In the essay “The Dell Theory of Conflict Prevention” by Thomas Friedman, the author argues that countries embedded in a major global supply chain together will not go to war against one another. Friedman's argument is indicated through the story of receiving his notebook. While Friedman tells his personal story, he is effectively expressing collaboration and its consequences through global supply chains. The authors argument is strengthened by Friedman's McDonald's theory from the past. On the outside Friedman is telling a story about where his Dell notebook came from but, on the inside, he is telling a story about global supply chains collaborating with each other, but, it comes with a cost of mutant supply chains.
For countries that are part of the same global supply chain, avoiding wars amongst themselves is a key to a developing countries economic growth. The problem with war is that it leads to an unstable and unpredictable environment, which ultimately causes companies to relocate to a different country. “‘These countries understand the risk premium that they have', said Dell of the countries in his Asian supply chain. They are pretty careful to protect the equity that they have built up or tell us why we should not worry [about their doing anything adventurous]” (125). This quote reveals the amount of power global supply chains have over a country based off the economic stability they have to offer. “Any sort of war or prolonged political upheaval in East Asia or China ‘would have a massive chilling effect on the investment there and on all the progress that has been made there' said Dell” (126). “We certainly make clear to them that stability is important to us. [Right now] it is not a day-to-day worry for us…” (126). These quotes support the author on the idea of people not wanting to give up there better lives and economic independence. Countries understand there are risks to wars that would negatively affect their economy and overall development as a country because of the amount of power major corporations have with equity they give to a country. Ultimately, the citizens become satisfied with their lives and rather not risk losing everything for a bit more territory that could be gained from a war. On the other hand countries that are not part of global supply chains “remain hot spots that could explode at any time and slow or reverse the flattening of the world” (127).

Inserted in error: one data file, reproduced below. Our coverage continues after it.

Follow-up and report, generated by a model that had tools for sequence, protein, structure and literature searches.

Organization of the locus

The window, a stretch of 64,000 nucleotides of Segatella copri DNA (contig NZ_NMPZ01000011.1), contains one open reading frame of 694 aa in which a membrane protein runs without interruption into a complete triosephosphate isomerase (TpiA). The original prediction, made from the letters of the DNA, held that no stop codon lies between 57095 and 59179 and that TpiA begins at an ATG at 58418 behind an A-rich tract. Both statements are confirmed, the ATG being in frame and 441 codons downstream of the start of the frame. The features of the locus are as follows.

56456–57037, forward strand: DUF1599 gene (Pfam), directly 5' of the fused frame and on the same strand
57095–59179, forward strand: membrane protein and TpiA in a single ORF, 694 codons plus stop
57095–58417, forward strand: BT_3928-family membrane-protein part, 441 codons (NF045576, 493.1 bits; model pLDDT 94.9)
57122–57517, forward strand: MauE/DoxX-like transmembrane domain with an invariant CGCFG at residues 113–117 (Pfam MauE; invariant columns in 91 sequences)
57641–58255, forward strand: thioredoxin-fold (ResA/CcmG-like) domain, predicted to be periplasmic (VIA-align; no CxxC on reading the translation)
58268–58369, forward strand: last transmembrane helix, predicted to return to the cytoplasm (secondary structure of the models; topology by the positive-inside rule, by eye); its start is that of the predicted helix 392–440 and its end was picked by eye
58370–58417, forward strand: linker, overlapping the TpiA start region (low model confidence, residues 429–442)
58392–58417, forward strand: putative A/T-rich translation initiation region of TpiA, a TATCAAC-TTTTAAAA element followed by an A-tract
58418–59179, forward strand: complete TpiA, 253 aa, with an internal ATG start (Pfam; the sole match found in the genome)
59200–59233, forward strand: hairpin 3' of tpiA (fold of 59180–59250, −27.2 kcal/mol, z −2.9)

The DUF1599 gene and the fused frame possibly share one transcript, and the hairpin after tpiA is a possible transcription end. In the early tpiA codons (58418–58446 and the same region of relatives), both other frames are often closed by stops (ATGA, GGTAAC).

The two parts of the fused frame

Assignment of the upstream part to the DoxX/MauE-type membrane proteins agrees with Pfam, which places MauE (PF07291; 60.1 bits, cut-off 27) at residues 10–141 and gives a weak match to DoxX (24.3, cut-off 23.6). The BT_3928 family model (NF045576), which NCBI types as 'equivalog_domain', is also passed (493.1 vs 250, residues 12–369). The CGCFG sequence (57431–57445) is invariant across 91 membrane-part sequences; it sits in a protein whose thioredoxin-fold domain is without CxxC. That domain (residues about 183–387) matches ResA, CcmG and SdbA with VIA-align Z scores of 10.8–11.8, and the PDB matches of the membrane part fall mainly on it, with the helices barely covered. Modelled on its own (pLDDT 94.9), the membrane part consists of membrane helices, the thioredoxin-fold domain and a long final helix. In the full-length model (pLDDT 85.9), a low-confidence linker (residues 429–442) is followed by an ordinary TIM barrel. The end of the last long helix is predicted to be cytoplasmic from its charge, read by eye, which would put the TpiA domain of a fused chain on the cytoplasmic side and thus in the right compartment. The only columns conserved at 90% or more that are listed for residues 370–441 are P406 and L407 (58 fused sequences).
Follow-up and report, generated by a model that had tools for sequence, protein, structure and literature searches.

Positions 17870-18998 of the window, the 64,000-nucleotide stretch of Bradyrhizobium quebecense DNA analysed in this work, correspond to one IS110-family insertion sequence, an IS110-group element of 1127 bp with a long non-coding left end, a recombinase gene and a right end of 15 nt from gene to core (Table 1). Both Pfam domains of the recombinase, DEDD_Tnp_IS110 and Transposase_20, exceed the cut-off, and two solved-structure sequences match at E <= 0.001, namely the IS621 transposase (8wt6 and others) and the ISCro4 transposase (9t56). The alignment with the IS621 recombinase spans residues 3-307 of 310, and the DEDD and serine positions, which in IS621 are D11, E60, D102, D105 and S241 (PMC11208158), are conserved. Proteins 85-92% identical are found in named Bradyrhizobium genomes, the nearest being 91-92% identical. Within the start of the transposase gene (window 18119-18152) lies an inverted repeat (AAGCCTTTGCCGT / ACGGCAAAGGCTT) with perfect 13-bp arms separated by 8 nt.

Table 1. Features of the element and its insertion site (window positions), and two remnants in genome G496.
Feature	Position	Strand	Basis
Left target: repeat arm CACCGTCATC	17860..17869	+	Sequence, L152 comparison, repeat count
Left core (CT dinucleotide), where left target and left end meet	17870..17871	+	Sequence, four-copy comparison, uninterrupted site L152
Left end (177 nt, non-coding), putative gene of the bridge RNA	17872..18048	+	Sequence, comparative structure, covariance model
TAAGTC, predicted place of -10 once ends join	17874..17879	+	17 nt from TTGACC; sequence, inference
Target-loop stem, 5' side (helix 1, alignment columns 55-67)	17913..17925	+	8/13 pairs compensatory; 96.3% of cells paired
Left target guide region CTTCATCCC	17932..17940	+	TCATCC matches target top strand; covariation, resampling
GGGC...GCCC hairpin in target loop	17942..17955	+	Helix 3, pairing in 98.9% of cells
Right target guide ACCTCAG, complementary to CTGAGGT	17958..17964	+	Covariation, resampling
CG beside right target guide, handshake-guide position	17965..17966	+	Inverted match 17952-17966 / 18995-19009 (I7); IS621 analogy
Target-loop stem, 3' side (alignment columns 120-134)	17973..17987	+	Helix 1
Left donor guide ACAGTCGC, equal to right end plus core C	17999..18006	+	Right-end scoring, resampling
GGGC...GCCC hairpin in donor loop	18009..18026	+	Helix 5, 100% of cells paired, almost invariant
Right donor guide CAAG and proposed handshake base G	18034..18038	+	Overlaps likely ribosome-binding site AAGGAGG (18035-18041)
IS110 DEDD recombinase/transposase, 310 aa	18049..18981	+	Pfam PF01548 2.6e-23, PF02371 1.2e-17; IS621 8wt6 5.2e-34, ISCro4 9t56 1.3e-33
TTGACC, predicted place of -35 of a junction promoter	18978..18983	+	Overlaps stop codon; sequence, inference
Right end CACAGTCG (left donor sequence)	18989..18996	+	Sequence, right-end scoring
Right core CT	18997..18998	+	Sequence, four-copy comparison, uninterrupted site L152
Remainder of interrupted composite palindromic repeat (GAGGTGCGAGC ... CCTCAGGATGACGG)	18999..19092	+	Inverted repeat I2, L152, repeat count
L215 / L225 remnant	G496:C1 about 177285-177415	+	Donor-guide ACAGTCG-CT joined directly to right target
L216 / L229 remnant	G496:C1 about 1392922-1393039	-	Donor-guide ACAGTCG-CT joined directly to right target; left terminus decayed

Global supply chains collaborating with each other to avoid wars and achieve economic stability comes with the cost of mutant supply chains. Mutant supply chains are not formed for economic stability, instead they are formed for the sole reason of destruction. “They don't need investors, only recruits, donors, and victimes. Yet these mobile self-financing mutant supply chains use all the tools of collaboration offered by the flat world--open-sourcing to raise money, to recruit followers and to stimulate and disseminate ideas; outsourcing to train recruits; and supply-chaining to distribute the tools and the suicide bombers to undertake operations” (131). Here the author is stating that mutant supply chains are free of charge to start up while global supply chains require investors, yet, they still gain access to the same tools. “A century ago, anarchists were limited in their ability to communicate and collaborate with one another, to find sympathizers, and to band together for an operation. Today, with the Internet, that is not a problem” (132). In this quote, Friedman reveals that the flat world makes it much easier for terror to be spread throughout people. While global supply chains are beneficial for developing countries and stabilizing economies, they come with the consequence of mutant supply chains. According to the author “terrorist have proven not only skillful at online marketing but also adept at mining the data offered by the billion-some pages of the World Wide Web” (134). This quote implies how easily mutant supply chains can spread propaganda through the internet, essentially brainwashing uneducated people, to recruit followers. It is suggested by the author that mutant supply chains will not be stopped without shutting down the internet, but, that is the consequence we deal with in the flat world.
The flattening of the world has provided tools, such as the internet, which allow collaboration and global supply chains to exist. When a country becomes part of a major global supply chain they will avoid wars with countries part of the same chain because of the economic stability the global supply chain has to offer. A war breaking out will ultimately cause a supply chain to relocate countries because of profit losses. When countries adapt to the economy, they become comfortable with there good lives and simply do not find justification in a war for territory, that has a risk of losing everything. Countries must be very careful to not lose supply chain members because it can be very difficult to get them back, companies put a large amount of trust into them through their investments and don't want lose money. Essentially, the government has to gain permission from major supply chains prior to making political decisions. The flat world is beneficial for global supply chains collaborating and communicating with each other but, it comes with the consequence of mutant supply chains. Mutant supply chains involve countries that are not economically stable, they focus on creating terror rather than profit by taking advantage of collaboration and communication in the flat world. Overall, the flat world has allowed global supply chains to create drastic impacts on a countries economy through collaboration, although, it comes with a cost of giving the power of collaboration to mutant supply chains.
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